Colorado Governor Jared Polis signed a bill to repeal the death penalty on Monday, officially getting rid of capital punishment in his state. At the time the repeal bill was passed in the state legislature, three men sat on death row. Because the language in the repeal bill did not apply to their cases, there was great speculation over whether or not the governor would commute their sentences.
On Monday, Polis also announced the commutation of their sentences. Robert Ray, Sir Mario Owens, and Nathan Dunlap will now serve life in prison without the possibility of parole, and their convictions remain unchanged. Polis explained in a statement that while commutations are usually indicative of an inmate's changed behavior, he offered clemency to remain consistent with the law.
"The decision to commute these sentences was made to reflect what is now Colorado law, and done after a thorough outreach process to the victims and their families," Polis said.
The arguments made either in favor of or against the death penalty repeal bill were largely shaped by the families of murder victims.
Two of the men previously on death row, Ray and Owens, were convicted of murdering Javad Marshall-Fields and his fiancée, Vivian Wolfe. Marshall-Fields' mother is state Sen. Rhonda Fields (D–Aurora), who remain opposed to the repeal efforts in the state legislature. State Rep. Tom Sullivan (D–Aurora), whose son was murdered in the 2012 Aurora Theater shooting, also opposed the repeal efforts. On the opposing side, families of murder victims took their stories to the Colorado Capitol to explain why they supported the repeal bill.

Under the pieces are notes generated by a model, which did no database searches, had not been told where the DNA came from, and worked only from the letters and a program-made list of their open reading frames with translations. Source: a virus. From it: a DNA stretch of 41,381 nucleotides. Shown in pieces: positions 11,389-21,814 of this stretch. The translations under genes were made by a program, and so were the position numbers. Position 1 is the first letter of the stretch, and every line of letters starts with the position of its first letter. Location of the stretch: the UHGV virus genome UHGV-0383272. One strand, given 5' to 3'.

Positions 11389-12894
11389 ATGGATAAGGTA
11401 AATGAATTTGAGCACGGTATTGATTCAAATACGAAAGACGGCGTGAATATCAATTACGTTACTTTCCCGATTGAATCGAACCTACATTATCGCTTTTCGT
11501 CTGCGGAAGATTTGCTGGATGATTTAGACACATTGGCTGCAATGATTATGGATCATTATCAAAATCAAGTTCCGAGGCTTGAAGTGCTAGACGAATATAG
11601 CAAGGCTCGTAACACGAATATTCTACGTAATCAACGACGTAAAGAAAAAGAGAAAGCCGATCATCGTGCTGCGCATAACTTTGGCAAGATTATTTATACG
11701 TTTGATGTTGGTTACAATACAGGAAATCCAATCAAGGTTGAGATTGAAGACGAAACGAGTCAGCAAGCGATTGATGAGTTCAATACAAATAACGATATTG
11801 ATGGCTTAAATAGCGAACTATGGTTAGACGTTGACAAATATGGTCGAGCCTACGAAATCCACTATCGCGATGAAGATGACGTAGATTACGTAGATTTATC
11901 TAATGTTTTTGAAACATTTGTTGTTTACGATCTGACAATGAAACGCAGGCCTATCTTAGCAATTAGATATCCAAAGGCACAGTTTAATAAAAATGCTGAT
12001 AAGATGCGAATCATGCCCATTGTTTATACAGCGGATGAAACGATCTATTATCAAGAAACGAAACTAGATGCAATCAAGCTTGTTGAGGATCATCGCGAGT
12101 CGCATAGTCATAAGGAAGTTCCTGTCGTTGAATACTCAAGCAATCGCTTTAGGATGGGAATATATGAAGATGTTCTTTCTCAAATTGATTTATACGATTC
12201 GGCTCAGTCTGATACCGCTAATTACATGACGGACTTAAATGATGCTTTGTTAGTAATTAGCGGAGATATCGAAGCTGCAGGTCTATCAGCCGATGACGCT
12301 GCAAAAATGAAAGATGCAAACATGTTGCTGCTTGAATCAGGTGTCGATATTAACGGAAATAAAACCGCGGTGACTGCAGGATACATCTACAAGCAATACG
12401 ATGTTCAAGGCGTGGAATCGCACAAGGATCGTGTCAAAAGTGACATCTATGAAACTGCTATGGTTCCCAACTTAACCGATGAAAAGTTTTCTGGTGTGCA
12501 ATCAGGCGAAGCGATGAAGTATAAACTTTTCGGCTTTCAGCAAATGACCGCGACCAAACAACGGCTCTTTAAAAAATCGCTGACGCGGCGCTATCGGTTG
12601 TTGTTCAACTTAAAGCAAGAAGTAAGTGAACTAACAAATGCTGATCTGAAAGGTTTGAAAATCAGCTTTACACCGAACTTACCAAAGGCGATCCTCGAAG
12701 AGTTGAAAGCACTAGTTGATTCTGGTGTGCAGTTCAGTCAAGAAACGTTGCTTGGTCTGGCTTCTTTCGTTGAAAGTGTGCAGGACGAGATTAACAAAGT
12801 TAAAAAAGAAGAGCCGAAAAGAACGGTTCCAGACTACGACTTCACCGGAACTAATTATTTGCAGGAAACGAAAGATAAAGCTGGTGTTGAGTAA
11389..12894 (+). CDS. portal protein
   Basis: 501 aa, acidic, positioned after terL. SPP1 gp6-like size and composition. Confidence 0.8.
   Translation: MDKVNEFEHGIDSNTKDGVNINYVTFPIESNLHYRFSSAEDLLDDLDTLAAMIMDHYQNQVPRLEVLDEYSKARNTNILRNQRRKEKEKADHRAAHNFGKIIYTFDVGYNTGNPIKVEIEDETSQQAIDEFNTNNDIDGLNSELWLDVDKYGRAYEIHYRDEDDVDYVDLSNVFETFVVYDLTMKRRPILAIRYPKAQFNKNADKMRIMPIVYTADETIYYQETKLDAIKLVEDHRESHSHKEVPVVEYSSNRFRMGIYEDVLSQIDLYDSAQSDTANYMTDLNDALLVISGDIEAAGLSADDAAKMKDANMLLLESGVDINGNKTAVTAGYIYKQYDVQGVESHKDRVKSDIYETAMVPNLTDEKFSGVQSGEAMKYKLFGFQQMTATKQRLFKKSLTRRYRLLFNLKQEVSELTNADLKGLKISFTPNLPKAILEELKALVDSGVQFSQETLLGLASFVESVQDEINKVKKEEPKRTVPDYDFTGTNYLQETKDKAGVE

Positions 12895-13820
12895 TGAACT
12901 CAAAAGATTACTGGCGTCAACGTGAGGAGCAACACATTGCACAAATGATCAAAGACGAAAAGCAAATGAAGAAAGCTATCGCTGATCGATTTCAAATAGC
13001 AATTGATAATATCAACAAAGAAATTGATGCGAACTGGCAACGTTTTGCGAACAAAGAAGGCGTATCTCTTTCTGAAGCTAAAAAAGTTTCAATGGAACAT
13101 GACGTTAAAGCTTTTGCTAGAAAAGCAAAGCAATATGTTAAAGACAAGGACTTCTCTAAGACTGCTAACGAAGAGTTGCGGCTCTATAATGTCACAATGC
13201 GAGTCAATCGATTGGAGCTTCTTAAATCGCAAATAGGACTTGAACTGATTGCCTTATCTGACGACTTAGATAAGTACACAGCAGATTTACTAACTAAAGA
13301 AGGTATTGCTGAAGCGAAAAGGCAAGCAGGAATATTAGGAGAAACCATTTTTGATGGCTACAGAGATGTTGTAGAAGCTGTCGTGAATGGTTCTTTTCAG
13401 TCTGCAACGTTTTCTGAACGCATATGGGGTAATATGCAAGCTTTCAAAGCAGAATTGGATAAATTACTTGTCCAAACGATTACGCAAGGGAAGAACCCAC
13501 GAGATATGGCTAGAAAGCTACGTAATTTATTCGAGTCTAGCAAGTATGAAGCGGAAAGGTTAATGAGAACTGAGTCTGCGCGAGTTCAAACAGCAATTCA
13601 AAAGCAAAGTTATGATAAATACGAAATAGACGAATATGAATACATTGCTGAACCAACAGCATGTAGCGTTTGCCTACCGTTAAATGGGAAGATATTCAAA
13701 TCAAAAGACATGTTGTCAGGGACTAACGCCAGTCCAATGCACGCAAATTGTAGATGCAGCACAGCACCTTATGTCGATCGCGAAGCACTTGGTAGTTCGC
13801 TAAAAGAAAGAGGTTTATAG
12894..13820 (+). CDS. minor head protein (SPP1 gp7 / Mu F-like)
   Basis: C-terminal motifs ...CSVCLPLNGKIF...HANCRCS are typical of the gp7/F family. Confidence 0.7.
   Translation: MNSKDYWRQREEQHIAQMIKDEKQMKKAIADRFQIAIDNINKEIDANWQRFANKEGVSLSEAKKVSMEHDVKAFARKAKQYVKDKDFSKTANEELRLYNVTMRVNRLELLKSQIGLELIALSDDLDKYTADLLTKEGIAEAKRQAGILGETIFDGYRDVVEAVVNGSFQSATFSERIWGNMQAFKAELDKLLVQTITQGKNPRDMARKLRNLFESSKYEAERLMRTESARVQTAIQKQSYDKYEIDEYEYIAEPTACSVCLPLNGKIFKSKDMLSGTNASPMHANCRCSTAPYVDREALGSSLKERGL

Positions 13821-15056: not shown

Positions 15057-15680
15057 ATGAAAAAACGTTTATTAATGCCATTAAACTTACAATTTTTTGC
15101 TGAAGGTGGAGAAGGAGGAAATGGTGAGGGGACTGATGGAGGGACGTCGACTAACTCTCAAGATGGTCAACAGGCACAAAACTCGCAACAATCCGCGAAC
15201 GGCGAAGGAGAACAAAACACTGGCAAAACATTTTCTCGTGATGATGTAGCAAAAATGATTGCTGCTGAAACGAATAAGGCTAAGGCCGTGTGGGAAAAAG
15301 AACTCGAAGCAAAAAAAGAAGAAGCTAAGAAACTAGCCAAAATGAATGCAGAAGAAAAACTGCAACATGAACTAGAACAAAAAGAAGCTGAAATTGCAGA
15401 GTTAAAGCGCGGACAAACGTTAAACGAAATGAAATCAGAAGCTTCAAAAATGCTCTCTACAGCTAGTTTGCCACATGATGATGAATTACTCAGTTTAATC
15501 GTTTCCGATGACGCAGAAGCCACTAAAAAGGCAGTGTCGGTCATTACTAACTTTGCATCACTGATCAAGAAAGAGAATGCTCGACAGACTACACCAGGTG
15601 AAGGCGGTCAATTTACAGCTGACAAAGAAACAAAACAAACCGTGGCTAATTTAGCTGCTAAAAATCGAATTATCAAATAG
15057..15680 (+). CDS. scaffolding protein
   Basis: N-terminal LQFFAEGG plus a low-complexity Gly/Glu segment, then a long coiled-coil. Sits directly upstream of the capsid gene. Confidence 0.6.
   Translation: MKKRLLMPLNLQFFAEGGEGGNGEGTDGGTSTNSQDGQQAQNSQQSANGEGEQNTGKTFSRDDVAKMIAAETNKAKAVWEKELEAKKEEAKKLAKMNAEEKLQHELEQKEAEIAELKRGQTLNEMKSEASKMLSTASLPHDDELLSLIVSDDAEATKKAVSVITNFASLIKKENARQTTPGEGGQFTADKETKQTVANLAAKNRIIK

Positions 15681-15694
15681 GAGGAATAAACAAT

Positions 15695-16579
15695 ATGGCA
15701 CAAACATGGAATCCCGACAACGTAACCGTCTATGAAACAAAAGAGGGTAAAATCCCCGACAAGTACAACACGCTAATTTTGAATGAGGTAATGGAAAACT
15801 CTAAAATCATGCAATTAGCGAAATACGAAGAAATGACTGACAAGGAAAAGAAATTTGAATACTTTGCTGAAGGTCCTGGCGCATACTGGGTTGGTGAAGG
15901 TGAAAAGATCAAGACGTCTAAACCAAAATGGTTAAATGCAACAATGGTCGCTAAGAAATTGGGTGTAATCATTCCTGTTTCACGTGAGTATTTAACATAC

The reactions to the governor's actions were mixed.
On Twitter, Denise Maes, public policy director for the American Civil Liberties Union of Colorado, applauded Polis for commuting the death row sentences. Maes agreed with the governor's assertion that "the death penalty cannot be, and never has been, administrated equally."
"Although Republicans are not in the majority in the Colorado Legislature, they were among the prime sponsors of the bill and their support made it possible to repeal the death penalty," Hannah Cox, national manager of Conservatives Concerned About the Death Penalty, said in a statement. "They felt capital punishment did not align with their conservative principles of valuing limited government, fiscal conservatism, and life."
District Attorney George Brauchler accused Polis of circumventing the law. Brauchler pointed to Colorado Revised Statute 16-17-102, which states that a clemency application "shall be first submitted to the present district attorney of the district in which the applicant was convicted and to the judge who sentenced and the attorney who prosecuted at the trial of the applicant" before a governor can approve it.
Fields, too, expressed her disappointment in a series of tweets, saying Polis' action "hijacks justice and undermines our criminal justice system."
"Words can't express my [disappointment] and sense of emptiness. The system failed my son, our family and those who served as citizen jurors," she added.
The Death Penalty Information Center has tracked issues with the application of Colorado's death penalty over the years. Not only is the practice costly to taxpayers, requiring longer court proceedings than those needed for doling out life sentences, but death penalty sentences are disproportionately administered based on race and geography, with Colorado prosecutors being more likely to pursue a death sentence against a minority defendant than a white one, controlling for other factors like murder rates between racial groups and heinousness of crimes.